Legal Battle Between Weed Growers and Wine Growers9
A lawsuit between wine growers and weed growers has come head to head in Yamhill County, Oregon. Neighboring vineyard families, Harihara and Parvathy Mahesh and the Momtazi Family LLC, are suing their neighbor, Richard Wagner on the grounds that his weed farm is damaging their grapes.
Wagner’s parents, Steven and Mary, who own the land, gave it to their son with the intention of producing and processing weed. Wagner is legally allowed to grow on his farm land. However, he is waiting on a permit to join an expanding list of weed growers making hash oil and rosin. The Wagners bought the property last December. Whereas, his neighbors, the Momtazis, have grown grapes for 18 years on their land spreading 580 acres. All parties appeared in court in April with lawyers ready to fight the long battle ahead.
The Case File
Tension over the smell of marijuana came to a clash when the Momtazi Vineyard lost an important grape-buying customer because of the neighboring marijuana operation. The customer canceled its order because “the foul-smelling particles will migrate by air” and ruin the Mahesh and Momtazi grapes.
The claim itself is unprecedented, as is the entire lawsuit. This means both sides will likely hire scientists and industry experts to support their cases. There have been few cases in the past involving the smell of marijuana. However, none, if any, have claimed and proven damage to neighboring crops. A jury of peers will determine if marijuana smell can, in fact, permeate vineyards grapes through diffusion and osmosis.
What are diffusion and osmosis? In layman’s terms: Diffusion is the process of gas molecules spreading out (like smelling vanilla in the air after opening a bottle). Osmosis is a kind of diffusion. However, it is when a substance diffuses across a membrane, absorbing its molecules.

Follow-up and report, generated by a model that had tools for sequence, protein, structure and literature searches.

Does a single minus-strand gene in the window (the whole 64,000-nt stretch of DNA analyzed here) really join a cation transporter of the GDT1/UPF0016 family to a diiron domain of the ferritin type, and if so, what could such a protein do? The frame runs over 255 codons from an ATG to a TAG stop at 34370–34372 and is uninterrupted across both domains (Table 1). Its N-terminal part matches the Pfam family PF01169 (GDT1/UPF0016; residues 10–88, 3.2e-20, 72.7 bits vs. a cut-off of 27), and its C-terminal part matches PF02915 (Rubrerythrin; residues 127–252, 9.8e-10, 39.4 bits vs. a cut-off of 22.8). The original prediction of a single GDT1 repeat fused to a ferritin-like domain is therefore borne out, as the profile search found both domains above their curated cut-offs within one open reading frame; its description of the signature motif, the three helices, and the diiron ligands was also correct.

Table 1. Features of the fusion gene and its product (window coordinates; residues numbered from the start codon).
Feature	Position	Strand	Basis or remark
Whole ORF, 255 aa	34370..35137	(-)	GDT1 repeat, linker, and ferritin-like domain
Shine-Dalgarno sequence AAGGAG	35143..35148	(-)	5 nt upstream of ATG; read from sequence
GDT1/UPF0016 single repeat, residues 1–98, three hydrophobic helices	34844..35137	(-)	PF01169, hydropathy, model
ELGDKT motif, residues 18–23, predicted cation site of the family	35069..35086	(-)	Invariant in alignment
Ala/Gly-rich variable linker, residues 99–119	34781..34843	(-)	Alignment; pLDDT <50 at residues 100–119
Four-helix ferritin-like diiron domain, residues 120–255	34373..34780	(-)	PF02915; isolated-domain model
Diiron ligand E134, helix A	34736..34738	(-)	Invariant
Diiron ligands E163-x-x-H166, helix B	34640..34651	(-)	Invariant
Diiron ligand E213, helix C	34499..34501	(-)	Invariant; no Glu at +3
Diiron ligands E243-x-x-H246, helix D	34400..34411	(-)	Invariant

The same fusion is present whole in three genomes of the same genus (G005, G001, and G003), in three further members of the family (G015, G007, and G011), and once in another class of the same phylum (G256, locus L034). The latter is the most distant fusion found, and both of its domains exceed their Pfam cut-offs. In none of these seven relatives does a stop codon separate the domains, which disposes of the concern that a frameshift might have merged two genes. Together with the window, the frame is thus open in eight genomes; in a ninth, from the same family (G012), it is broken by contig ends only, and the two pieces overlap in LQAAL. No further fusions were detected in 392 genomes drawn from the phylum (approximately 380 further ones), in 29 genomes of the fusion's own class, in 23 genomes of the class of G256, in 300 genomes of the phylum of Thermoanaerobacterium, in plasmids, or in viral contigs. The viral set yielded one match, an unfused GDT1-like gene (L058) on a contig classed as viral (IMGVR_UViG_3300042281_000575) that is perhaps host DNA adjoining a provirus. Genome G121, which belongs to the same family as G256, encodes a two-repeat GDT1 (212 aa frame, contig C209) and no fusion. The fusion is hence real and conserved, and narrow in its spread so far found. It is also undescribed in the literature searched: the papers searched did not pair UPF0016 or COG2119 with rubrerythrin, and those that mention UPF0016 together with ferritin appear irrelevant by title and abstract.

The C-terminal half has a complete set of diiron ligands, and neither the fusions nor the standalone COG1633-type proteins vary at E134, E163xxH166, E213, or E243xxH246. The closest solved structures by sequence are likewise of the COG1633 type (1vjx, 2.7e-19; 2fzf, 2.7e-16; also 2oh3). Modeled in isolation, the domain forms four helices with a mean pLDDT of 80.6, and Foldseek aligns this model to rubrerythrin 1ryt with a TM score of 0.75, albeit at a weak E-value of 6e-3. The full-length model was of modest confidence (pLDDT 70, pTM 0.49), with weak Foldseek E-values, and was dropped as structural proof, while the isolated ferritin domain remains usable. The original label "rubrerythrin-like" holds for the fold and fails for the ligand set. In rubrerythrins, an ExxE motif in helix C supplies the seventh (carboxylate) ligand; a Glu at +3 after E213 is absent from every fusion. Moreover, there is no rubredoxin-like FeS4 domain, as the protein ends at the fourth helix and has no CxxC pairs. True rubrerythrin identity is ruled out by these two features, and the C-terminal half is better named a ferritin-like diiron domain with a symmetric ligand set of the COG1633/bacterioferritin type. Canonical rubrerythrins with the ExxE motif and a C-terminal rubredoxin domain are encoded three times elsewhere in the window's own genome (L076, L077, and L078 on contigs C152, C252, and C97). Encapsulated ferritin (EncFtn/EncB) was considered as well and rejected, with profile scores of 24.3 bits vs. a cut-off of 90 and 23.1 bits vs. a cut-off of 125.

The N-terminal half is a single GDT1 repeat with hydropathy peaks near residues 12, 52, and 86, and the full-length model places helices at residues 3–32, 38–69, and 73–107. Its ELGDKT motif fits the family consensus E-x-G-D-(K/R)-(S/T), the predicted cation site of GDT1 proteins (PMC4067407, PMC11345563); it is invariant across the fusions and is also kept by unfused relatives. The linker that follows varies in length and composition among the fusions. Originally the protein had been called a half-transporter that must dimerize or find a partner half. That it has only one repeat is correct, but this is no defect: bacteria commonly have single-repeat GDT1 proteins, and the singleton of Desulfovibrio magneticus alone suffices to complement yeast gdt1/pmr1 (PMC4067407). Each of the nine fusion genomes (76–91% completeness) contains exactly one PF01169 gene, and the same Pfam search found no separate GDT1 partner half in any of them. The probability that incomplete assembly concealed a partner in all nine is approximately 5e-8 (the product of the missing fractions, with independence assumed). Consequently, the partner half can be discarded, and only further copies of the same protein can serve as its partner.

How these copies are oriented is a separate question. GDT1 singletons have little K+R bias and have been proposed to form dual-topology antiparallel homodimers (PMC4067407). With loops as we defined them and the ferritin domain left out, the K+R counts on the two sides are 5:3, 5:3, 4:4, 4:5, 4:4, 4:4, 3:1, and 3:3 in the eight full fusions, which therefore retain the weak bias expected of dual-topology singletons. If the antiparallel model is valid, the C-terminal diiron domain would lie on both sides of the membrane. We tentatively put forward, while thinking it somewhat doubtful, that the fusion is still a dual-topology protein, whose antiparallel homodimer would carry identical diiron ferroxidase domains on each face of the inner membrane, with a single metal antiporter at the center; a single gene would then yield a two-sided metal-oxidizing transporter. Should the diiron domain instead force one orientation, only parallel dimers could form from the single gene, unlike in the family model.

We’ll leave it up to the scientists to convince the jury of the process. That being said, the Momtazi claim seems rather far-fetched. At the same time, their long-standing business and land are experiencing a new problem in the face of marijuana legalization. So where does the law draw the line?
In the first round of trials, the plaintiffs appeared in court to seek a temporary restraining order. This document would stop Wagner’s marijuana processing until the lawsuit is concluded. The Momtazi and Mahesh side brought to court Instagram posts by Wagner. In the photos, Wagner boasts the stench of his “fat dabs.”
He writes, “a most enjoyable odor of sour skunky grapefruit” and “the terpenes are stinky like this bug–rotten fruit, gas, and notes of tobacco.” Yum.
Wagner’s lawyer pointed out that the posts simply show Wagner enjoying marijuana, which is legal in Oregon. This does not prove the smell has, or is capable of, infecting the vineyard grapes. Round one went to Wagner and his “fat dabs.” The trial is expected to last into the next year as the neighbors resolve their conflict.